Breeding improved varieties to valorise hemp fibers for biobased materials

Hemp (Cannabis sativa L.) is a multi-purpose and low input fibre crop that fits perfectly into a sustainable and biobased society and the concept of “whole plant use”. The primary products of hemp are very strong bast fibres, which are used for building materials and textiles. In addition to the stems that provide the fibre, the hemp leaves and seeds, currently side stream, contain valuable components that can then be converted into various products for a biobased-economy. Altogether, this makes hemp a promising crop to help realize a circular and climate resilient agriculture. In order to further develop hemp into a more competitive rotation crop for such renewed agricultural systems, the currently available hemp varieties can be improved at specific points.

A known problem in hemp that needs improvement is the uneven development of plants within the crop due to the sexual dimorphism of hemp. The resulting crop heterogeneity can cause severe problems.

There are new, monoecious hemp varieties available that show a better crop homogeneity but for most varieties this trait, monoecy, is unstable and declines over generations. The reason for this is still unknown making the problem difficult to predict and control. Genetic factors, environmental factors or a combination of both may play a role. To accelerate the development of improved and stable monoecious hemp varieties, genotyping tools and a better understanding of the effect of environmental factors are indispensable.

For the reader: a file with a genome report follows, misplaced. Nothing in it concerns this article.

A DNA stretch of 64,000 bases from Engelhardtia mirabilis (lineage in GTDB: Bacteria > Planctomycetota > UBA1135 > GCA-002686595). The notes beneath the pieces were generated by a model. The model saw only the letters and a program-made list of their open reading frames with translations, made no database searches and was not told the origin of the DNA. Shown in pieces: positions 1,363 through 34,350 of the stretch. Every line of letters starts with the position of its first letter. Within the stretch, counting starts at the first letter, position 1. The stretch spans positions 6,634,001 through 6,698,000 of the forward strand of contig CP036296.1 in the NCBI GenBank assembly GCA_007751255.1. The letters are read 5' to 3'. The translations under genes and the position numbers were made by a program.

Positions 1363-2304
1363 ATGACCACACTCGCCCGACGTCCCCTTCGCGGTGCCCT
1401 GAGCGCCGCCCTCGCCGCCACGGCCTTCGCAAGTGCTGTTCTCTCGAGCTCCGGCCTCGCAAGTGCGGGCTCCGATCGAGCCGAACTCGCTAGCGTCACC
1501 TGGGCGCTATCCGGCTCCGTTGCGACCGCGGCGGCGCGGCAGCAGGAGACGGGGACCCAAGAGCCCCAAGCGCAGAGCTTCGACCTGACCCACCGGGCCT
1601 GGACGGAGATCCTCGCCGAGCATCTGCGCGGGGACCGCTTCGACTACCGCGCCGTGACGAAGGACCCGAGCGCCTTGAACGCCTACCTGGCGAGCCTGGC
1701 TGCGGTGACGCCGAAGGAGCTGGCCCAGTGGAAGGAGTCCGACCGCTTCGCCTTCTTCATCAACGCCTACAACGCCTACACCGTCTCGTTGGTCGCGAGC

In this project, a consortium of leading Dutch companies involved in hemp production, marketing of hemp products and sowing seed production, together with WUR Plant Breeding, will initiate research to develop key molecular tools to select and maintain improved, homogeneous and robust, monoecious hemp varieties. Whole genome sequencing will be applied to detect genome-wide genetic variation among extreme phenotypes and questions about the effect of specific genomic regions and environmental effects on monoecy and fibre quality will be answered.

The innovations and knowledge obtained in this project will facilitate the breeding of improved hemp varieties for the production of specific fibre qualities, that perform well in a changing climate. This will valorise hemp bast-fibres to keep up with the current high demand for hemp products whereas the expansion of hemp production for biobased materials will contribute to achieve the EU’s 2030 emissions targets. Upon successful implementation the project will increase the primary production of high quality hemp fibres (obtained from the stems) in The Netherlands, for use in e.g. biobased building materials while also the remaining biomass (leaves, seeds) is utilized.